That said, I would expect GMs running such settings to present such creatures in a way consistent with that premise and not to present the characters with helpless babies and other similar scenarios. Because that's a level of moral complexity not proper for the premise.

It is of course relevant to the game world. We expect ourselves to play realistic characters (in the context of personal characterization, at least). That means that we should hold ourselves to the standards we should expect to adhere to in real life. Allowances must be made to adhere to the adventuring lifestyle, but those should not be extended towards child murder. Never.

It's not relevant if in the game setting they're not actually children, but just immature monsters. There aren't humanoid monsters in the real world, so there just isn't a parallel.

But it's not really the characters actions I was commenting on. Nor did I think you were talking about that. Characters with a philosophy that said 100% of a race/species would turn out evil would be abhorrent in a world in which that wasn't true. In a world in which it was true, characters who kept trying to redeem such monsters and getting innocents killed because of it would be abhorrent.
Designing such a setting isn't abhorrent or even particularly philosophical, even though it's not really to my taste. It's most likely just "Let's play a game with black and white morality, where we can play heroes without worrying about the gray nasty bits".

Liberty's Edge

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thejeff wrote:

It's not relevant if in the game setting they're not actually children, but just immature monsters. There aren't humanoid monsters in the real world, so there just isn't a parallel.

But it's not really the characters actions I was commenting on. Nor did I think you were talking about that. Characters with a philosophy that said 100% of a race/species would turn out evil would be abhorrent in a world in which that wasn't true. In a world in which it was true, characters who kept trying to redeem such monsters and getting innocents killed because of it would be abhorrent.
Designing such a setting isn't abhorrent or even particularly philosophical, even though it's not really to my taste. It's most likely just "Let's play a game with black and white morality, where we can play heroes without worrying about the gray nasty bits".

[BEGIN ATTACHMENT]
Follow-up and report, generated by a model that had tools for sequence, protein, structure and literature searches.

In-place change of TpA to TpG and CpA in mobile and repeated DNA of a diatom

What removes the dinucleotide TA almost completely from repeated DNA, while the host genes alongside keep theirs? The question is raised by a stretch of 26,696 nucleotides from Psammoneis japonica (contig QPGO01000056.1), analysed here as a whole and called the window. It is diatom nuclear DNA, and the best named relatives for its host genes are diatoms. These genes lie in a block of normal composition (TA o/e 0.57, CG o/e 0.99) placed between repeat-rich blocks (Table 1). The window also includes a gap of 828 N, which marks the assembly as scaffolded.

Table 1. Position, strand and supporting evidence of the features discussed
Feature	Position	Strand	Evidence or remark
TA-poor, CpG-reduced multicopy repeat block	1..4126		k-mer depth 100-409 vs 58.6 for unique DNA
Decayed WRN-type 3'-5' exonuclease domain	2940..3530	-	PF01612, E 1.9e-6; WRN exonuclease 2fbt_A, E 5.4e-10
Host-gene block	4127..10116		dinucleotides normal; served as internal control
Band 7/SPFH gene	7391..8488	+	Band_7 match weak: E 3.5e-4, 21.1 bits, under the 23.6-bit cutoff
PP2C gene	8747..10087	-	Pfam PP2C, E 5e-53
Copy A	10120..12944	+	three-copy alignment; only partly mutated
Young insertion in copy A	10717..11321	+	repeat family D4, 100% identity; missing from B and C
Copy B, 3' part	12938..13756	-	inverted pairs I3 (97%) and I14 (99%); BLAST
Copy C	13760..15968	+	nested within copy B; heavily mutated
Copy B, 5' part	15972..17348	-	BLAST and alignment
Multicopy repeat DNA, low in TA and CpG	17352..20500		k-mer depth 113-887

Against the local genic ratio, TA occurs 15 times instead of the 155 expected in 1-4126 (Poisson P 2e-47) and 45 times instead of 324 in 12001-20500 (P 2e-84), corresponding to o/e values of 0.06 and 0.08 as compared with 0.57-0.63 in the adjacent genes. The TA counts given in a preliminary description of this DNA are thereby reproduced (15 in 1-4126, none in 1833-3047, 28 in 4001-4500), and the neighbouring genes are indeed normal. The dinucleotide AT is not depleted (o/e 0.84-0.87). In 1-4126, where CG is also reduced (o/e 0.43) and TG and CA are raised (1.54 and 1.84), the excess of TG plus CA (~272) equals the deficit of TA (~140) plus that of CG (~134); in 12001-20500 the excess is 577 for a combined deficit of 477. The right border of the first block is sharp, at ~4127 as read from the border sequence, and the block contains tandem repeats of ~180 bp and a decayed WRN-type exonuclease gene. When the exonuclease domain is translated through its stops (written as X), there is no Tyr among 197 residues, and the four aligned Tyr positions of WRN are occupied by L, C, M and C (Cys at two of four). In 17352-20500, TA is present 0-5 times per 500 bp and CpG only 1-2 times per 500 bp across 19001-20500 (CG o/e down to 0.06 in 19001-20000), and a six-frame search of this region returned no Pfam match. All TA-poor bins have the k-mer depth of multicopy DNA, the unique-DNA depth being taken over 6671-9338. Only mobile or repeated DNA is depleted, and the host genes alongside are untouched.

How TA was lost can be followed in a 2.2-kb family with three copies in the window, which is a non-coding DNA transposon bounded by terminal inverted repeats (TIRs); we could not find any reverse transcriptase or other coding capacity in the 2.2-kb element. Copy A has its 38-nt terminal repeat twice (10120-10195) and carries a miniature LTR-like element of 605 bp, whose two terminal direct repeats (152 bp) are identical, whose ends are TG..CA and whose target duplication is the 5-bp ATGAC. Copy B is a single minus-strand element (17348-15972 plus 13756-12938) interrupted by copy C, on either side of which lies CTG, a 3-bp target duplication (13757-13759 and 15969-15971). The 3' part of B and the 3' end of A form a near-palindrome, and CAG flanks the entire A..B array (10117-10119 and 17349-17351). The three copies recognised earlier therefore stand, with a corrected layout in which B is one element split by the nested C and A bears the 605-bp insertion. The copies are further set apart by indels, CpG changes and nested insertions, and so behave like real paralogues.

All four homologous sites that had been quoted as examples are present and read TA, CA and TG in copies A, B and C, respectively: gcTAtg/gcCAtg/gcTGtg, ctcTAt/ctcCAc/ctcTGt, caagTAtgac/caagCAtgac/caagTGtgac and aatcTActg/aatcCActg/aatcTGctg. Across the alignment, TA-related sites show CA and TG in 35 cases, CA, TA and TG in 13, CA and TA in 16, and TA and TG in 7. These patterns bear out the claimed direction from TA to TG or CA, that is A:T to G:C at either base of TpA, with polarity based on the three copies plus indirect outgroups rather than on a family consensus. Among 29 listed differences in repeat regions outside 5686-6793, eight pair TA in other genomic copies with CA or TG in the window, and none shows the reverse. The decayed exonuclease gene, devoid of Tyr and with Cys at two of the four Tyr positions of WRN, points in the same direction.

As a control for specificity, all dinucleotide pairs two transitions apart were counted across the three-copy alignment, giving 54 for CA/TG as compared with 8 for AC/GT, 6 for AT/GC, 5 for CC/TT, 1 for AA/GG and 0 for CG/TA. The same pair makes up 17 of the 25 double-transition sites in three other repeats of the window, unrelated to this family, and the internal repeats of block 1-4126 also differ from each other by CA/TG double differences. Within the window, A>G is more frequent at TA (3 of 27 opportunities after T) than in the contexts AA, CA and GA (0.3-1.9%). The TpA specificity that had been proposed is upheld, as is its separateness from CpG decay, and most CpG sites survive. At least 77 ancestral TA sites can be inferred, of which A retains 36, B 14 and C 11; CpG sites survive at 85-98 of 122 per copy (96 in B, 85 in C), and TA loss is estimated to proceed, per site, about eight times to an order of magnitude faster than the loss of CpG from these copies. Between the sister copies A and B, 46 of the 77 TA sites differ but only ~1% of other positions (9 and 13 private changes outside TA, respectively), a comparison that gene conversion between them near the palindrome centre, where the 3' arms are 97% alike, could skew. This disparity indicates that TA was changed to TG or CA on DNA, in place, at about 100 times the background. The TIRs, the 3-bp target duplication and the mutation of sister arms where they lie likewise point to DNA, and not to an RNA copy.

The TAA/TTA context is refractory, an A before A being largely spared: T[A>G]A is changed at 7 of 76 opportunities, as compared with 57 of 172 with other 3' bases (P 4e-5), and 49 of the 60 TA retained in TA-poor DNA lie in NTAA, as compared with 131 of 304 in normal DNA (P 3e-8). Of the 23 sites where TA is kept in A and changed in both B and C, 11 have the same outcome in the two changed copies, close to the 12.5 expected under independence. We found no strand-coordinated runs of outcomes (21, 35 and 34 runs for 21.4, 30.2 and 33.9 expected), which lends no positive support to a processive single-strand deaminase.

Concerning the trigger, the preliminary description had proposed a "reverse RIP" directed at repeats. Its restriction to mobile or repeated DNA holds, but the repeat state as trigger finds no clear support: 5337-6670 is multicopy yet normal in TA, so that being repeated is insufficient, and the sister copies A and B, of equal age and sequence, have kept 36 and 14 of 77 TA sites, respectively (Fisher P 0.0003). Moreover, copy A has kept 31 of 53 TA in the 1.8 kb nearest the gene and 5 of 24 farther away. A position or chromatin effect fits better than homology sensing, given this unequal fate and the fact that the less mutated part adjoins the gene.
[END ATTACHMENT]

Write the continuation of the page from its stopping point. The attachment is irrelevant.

You're technically right. However, as presented, Pathfinder is not in any way the world you're talking about. Making it such a world is very much a House Rule.

Additionally, what you make true in your game world (or other fiction) sends a message. For example, one could easily make a world in which one gender of most of the civilized races (say, women) were objectively inferior in intellect and other areas, and primarily kept solely for breeding. In the world, this is objectively true, and trying to get them equal treatment is crazy talk...but you've just made a world where women's rights are a bad idea.

That potentially sends a very unpleasant message about your real world beliefs (or makes you seem amazingly insensitive) and creates a profound sense of moral dissonance between that world and the real world which can be very unpleasant for some players.

Making genocide of a sapient race with things like children a good thing has exactly the same set of problems. You can do it, certainly, but I'd argue you almost certainly shouldn't.


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Deadmanwalking wrote:
thejeff wrote:

It's not relevant if in the game setting they're not actually children, but just immature monsters. There aren't humanoid monsters in the real world, so there just isn't a parallel.

But it's not really the characters actions I was commenting on. Nor did I think you were talking about that. Characters with a philosophy that said 100% of a race/species would turn out evil would be abhorrent in a world in which that wasn't true. In a world in which it was true, characters who kept trying to redeem such monsters and getting innocents killed because of it would be abhorrent.
Designing such a setting isn't abhorrent or even particularly philosophical, even though it's not really to my taste. It's most likely just "Let's play a game with black and white morality, where we can play heroes without worrying about the gray nasty bits".

You're technically right. However, as presented, Pathfinder is not in any way the world you're talking about. Making it such a world is very much a House Rule.

Additionally, what you make true in your game world (or other fiction) sends a message. For example, one could easily make a world in which one gender of most of the civilized races (say, women) were objectively inferior in intellect and other areas, and primarily kept solely for breeding. In the world, this is objectively true, and trying to get them equal treatment is crazy talk...but you've just made a world where women's rights are a bad idea.

That potentially sends a very unpleasant message about your real world beliefs (or makes you seem amazingly insensitive) and creates a profound sense of moral dissonance between that world and the real world which can be very unpleasant for some players.